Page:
Isaac: Something else that makes you distinct is your performance clothing deviates a lot from traditional belly dance attire. You have outfits comprised of armor, you brandish medieval swords. You have costumes where you appear as demons, witches, crows, and ghosts. You’ve shared your musical inspirations, but what inspires your gothic dark fantasy aesthetic?
Bastet: In a process of designing I think a lot about how to make a costume look different. But still feel comfortable. It takes a lot of time and experience and appears in my own styling already.
I always loved everything dark, especially black. For me, it’s beautiful. Deep shadows and all dark shades. It’s another dimension of color attitude.
I am mostly inspired by music. But also, maybe it’s strange, I can find inspiration in materials. I love to see and touch fabrics, metal details, glass, lace, leather, faux leather, stones, feel a smell, sense it. And suddenly a lot of ideas appear in my imagination.
Isaac: What is the design process like on your costumes?
Bastet: Sitting on a floor with a bunch of materials and making costumes during nights. I never work in the daytime. Usually, I am with headphones and listening [to] loud music. Rarely, watching some films while working.
And always my cat is next to me.
Isaac: What are some of your favorite books, movies, or characters [who inspire you]?
Bastet: I’m a big fan of British cinematography. Love all films by Guy Ritchie and Alfred Hitchcock. Also I love all films by Quentin Tarantino, David Lynch, David Fincher.
Forever favorite book is The Master and Margarita by Mikhail Bulgakov. I’ve read it five times already. And every time I felt and understood it differently, but always very close to my heart.
For [a recent] example, during quarantine I’ve read all seven books of famous Witcher [series]. Love it as well, great artwork, unlike new [Witcher] TV series. Now reading Roger Zelazny[‘s] The Chronicles of Amber. I grew up with books of [Thomas] Mayne Read, Victor Hugo, Arthur Conan Doyle, Henryk Sienkiewicz, Agatha Christie.
My favorite hero [is a] powerful, intelligent person. I’ve never read that endlessly stupid romances with passionate kissing half-naked couples on a book cover. I always loved something with deep meaning and sensation, what can open mind and blow my brain.
Isaac: In my own experience as a belly dancer, I’ve encountered people who are disrespectful based on assumptions they make because of me being a male dancer. And I’ve heard many stories from female dancers about frustrating experiences they have had to deal with, such as other women saying their dancing isn’t feminist, or people thinking it’s okay to try and solicit them for sexual favors. As a prolific figure in the belly dance world, I’m sure you’ve had to deal with disrespectful people as well. Do you have any strategies for dealing with such behavior?
And do you feel like your fusion of styles makes you experience any unique backlash from either the belly dance or metal communities?
Bastet: Some people have hatred as an incurable disease. People hate, hated and will hate. And will envy.
I love [the] saying “The dogs bark, but the caravan moves on.” Some people need to throw out their inner filth. And the internet is the easiest way to do it. Eas[ier] to write disrespectful comments under video on my YouTube than [to get] off [their] ass from a couch and finally do something useful. Don’t pay attention, it’s [not] worth your time.
Stage life can be with a lot of negative moments as well. What to do? Turn on your cold disregard. Your dignity above all. Any misunderstood, bad behavior, [tell] security and never come back to this place.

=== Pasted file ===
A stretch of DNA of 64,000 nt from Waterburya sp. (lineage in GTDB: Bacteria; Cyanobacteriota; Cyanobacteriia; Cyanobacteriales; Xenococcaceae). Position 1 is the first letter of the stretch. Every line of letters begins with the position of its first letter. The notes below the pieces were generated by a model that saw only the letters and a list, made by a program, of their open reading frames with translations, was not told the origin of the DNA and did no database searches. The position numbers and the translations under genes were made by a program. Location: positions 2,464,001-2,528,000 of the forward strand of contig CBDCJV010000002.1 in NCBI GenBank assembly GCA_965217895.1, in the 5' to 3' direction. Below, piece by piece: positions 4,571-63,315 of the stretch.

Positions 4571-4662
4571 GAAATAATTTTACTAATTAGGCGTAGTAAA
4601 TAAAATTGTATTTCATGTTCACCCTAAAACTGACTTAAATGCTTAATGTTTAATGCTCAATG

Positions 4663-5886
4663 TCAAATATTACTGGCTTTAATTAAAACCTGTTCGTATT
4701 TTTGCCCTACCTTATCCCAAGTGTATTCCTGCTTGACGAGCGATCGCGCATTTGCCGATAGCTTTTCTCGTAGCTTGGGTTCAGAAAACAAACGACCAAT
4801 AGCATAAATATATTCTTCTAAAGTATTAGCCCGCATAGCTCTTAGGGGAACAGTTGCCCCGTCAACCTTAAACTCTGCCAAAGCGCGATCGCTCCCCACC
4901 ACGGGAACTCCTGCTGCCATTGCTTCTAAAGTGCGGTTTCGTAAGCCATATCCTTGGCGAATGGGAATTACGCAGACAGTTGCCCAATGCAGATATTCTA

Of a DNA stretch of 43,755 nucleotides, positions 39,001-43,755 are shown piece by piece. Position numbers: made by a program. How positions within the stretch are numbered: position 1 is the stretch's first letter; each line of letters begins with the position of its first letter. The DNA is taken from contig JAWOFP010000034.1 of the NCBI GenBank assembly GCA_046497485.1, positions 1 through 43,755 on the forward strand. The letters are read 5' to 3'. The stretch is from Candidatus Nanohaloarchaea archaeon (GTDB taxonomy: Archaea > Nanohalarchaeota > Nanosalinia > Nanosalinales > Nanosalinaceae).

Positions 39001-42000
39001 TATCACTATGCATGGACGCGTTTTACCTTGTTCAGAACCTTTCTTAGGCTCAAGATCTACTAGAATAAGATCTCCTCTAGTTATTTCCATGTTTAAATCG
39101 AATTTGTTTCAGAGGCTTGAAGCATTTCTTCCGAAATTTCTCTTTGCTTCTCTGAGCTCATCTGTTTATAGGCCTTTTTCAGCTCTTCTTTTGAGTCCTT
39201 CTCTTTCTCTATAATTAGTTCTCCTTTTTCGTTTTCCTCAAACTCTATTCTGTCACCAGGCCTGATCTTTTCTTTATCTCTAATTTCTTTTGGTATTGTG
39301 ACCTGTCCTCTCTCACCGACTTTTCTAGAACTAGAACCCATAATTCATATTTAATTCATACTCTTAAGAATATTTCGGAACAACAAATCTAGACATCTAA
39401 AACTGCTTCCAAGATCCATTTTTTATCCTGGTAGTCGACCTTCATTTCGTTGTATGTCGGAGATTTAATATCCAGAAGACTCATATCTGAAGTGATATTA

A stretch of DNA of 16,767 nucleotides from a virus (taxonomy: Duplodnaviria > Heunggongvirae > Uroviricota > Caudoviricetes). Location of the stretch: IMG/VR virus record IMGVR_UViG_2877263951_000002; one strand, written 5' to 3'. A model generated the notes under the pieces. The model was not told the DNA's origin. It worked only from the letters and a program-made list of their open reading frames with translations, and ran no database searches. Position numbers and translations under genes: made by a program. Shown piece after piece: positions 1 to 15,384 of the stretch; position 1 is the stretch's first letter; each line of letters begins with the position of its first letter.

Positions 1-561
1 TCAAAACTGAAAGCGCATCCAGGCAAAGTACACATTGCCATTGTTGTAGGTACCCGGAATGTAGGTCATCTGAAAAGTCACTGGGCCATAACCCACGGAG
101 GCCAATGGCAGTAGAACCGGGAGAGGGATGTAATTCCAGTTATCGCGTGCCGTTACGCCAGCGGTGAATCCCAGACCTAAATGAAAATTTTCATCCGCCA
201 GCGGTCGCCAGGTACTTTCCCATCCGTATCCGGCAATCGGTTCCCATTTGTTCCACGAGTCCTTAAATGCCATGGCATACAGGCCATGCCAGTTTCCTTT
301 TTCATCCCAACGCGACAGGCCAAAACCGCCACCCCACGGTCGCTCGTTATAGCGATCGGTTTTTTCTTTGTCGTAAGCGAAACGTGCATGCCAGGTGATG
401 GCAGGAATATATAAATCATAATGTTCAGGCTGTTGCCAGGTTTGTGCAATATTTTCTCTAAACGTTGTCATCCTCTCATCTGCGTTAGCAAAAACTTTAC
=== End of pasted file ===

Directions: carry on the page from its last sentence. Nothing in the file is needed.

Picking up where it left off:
As for negative reactions from some belly dancers about metal in my dance or from some metalheads about belly dance in metal? Oh yeah. People with narrow worldview can’t accept a lot of things. So what should I do? It’s their problem. I can dance with very difficult belly dance technique professionally. And I can headbang powerfully as well. It helps me to not care too much about haters from belly dance and metal communities.
Strategy or advice here: be confident in what you do and do it well. Work hard, develop your possibilities and be better, try to do best. And haters will never throw mud at you. ‘Cause you will be too high for them.
Isaac: You live in Ukraine, and obviously international travel is tough right now [due to COVID], but your plans to come to the United States to perform and teach have been hotly anticipated. Once travel is easier again, do you see the long-awaited U.S. visit coming shortly after?
Bastet: Oh yes. Can’t wait until [I’m] finally able to go to all the countries I’ve planned with my performances and workshops. Especially U.S. Seventy Percent of all my audience are from [the] States. Really want to meet [the] girls, [the] metal belly dancers and dance with them ‘till we will drop.
Isaac: Since you have so many fans around the world who want to learn your style, have you given any thought to setting up virtual courses to instruct others online?
Bastet: Yes. I plan it.
Honestly, I’m shy of my English and I hate to talk on camera—even in my native language. But I want to teach girls with everything I know and can. A lot of metal women can try it and enjoy being graceful with their favorite heavy music.
Isaac: On a personal note, I was actually wondering if you’ll be open to teaching male belly dancers when you do try teaching more lessons. I know not all instructors are and I respect that if that’s your policy, but I find you a big inspiration as well and would love to learn from you if your lessons are open to men as well as women.
Bastet: Thank you. Everyone can dance, no borders for anyone about anything.
Isaac: What has belly dancing meant in your life, and how does it feel to know you’re inspiring so many others?
Bastet: It was my hobby, but now it’s my life.
I am super thankful to everyone who supports me. To every single inspiring word. I dream to meet all the [dancers] in the world who are also dancing to metal. You know, I am not so open on social media, don’t talk about myself and about my emotions. But I want all those people to know, they can’t even imagine how important they are. [Seeing] all their [support], fanart, [and] dances inspired by me, it’s bliss. Sometimes I cry happily and loudly applaud them next to my laptop. They’re so inspir[ing] [to] me. In those moments I think: I did something really good in this world. It’s happiness.
During this strange times in the world I wish to everyone to be closer to each other. Even if you’re in a distance of a thousand miles, not only in couple of meters, be closer mentally, sincerely and soulful. Support each other. It’s nearest proximity we all need now to be stronger and happier.
And as usual, I wish you all to want to dance. ‘Cause only happy people [want to] dance.
You can check out Diana Bastet’s metal belly dance performances on her YouTube page here.
Bastet also sells some of her handmade costumes which you can browse by clicking here.
All images in article used with permission from Diana Bastet.